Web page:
The majesty, genitive: the attributive genitive:  the noun in the genitive functions as an attributive adjective of the head noun, “scepter”. Accordingly, “the majestic secpeter”.

Of the God, genitive: a genitive of possession.


ὁ Κύριος ἡμῶν Χριστὸς Ἰησοῦς,

The Lord of us, Jesus Christ

The entire phrase is in apposition the preceding phrase: Jesus is the scepter.

The Lord of us=our Lord.

οὐκ ἦλθεν ἐν κόμπῳ ἀλαζονείας

He did not come in pretentious boasting

ἦλθεν: He came, aorist.

ἐν κόμπῳ: in a boast. The dative here is appears to be associative dative or perhaps instrumental dative.  One could argue this was in the sphere of a boast, which is true by rather vague.

The noun is related to the verb: κομπάζω , fut. -άσομαι B.7.42:—

A.= κομπέω, boast, brag, A.Th.436, Ag.1671, etc.; “κ. μέγα” S.Aj.1122; “μάτην” E.Hipp.978; κ. ἐπί τινι speak big against . . , A.Th.480 (but also, boast of . . , Phld.Rh.1.24 S.): c. acc., κ. λόγον speak big words, A.Ag.1400, etc.; κ. γέρας boast one’s office, Id.Eu.209; “οὐ πατρῴαν τὴν τέχνην ἐκόμπασας” S.El.1500: c. inf., boast that . . , A.Ag.1130, E.Ba.340; κ. ὡς . . X.Oec.10.3, Plu. Crass.18:—Pass., to be made a boast of, be renowned, “οὕνεκ᾽ ὄλβου” E.HF64; φόβος . . κομπάζεται fear is loudly spoken, A.Th.500; τίνος δὲ . . παῖς πατρὸς κομπάζεται; of what father is he said to be the son? E.Alc.497.—Rare in early Prose, Lys.6.18,48, X.Smp.4.19, Oec. l.c.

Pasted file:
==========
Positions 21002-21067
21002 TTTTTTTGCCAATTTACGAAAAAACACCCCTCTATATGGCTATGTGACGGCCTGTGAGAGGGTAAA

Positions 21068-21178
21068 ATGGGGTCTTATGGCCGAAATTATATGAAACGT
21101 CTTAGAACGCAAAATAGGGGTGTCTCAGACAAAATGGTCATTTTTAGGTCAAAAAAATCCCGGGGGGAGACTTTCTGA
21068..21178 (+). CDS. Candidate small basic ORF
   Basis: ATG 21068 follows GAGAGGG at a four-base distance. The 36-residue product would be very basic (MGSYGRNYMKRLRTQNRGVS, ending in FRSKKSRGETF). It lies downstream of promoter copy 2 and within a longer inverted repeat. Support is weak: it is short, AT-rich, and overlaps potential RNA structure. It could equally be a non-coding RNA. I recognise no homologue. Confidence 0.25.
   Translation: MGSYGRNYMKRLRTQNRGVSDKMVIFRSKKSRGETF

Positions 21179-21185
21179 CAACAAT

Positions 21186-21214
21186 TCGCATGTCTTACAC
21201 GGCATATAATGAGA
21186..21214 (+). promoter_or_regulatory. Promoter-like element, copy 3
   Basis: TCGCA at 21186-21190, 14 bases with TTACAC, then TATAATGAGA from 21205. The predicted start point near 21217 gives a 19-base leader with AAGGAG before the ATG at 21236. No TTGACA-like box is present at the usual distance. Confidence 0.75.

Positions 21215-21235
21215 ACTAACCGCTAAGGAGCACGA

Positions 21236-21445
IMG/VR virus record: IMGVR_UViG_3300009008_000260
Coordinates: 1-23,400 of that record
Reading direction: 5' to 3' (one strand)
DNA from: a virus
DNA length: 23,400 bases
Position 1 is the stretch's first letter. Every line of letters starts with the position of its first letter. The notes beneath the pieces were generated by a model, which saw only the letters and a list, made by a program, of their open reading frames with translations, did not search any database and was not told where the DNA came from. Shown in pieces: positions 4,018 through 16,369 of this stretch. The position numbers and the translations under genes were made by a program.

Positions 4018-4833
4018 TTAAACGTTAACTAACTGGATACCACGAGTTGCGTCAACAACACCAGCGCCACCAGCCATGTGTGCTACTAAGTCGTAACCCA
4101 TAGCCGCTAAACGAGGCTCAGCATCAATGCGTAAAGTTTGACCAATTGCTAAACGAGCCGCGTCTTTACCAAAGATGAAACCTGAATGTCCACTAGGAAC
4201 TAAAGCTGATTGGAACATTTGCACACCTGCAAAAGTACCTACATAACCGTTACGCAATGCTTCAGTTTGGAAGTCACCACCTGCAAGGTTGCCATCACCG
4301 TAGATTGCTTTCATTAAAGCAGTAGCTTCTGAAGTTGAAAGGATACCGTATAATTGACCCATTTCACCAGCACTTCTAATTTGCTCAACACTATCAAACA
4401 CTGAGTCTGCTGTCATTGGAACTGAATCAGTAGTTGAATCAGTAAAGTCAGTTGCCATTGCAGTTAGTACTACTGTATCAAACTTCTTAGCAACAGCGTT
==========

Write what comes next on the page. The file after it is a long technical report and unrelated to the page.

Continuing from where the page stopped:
II. = κομπέω 1.2, ring a jar to test its soundness, PLond. ined.2327 (iii B.C.).


III. ἐκομπάσθη: ἠπατήθη, εἰς ὄγκον διετέθη, Hsch., cf. Suid.

It appears to be relatively rare.

ἀλαζονείας:  pretentiousness, arrogance, boasting. The genitive of attribution modifies the preceding noun: pretentious boast/arrogant boast

οὐδὲ ὑπερηφανίας

Neither of a contemptuous arrogance

καίπερ δυνάμενος

even though he was able.

The participle probably indicates manner of coming: Jesus could have come as a haughty lord (Wallace, 627).

ἀλλὰ ταπεινοφρονῶν,

yet [he came] in an attitude of humility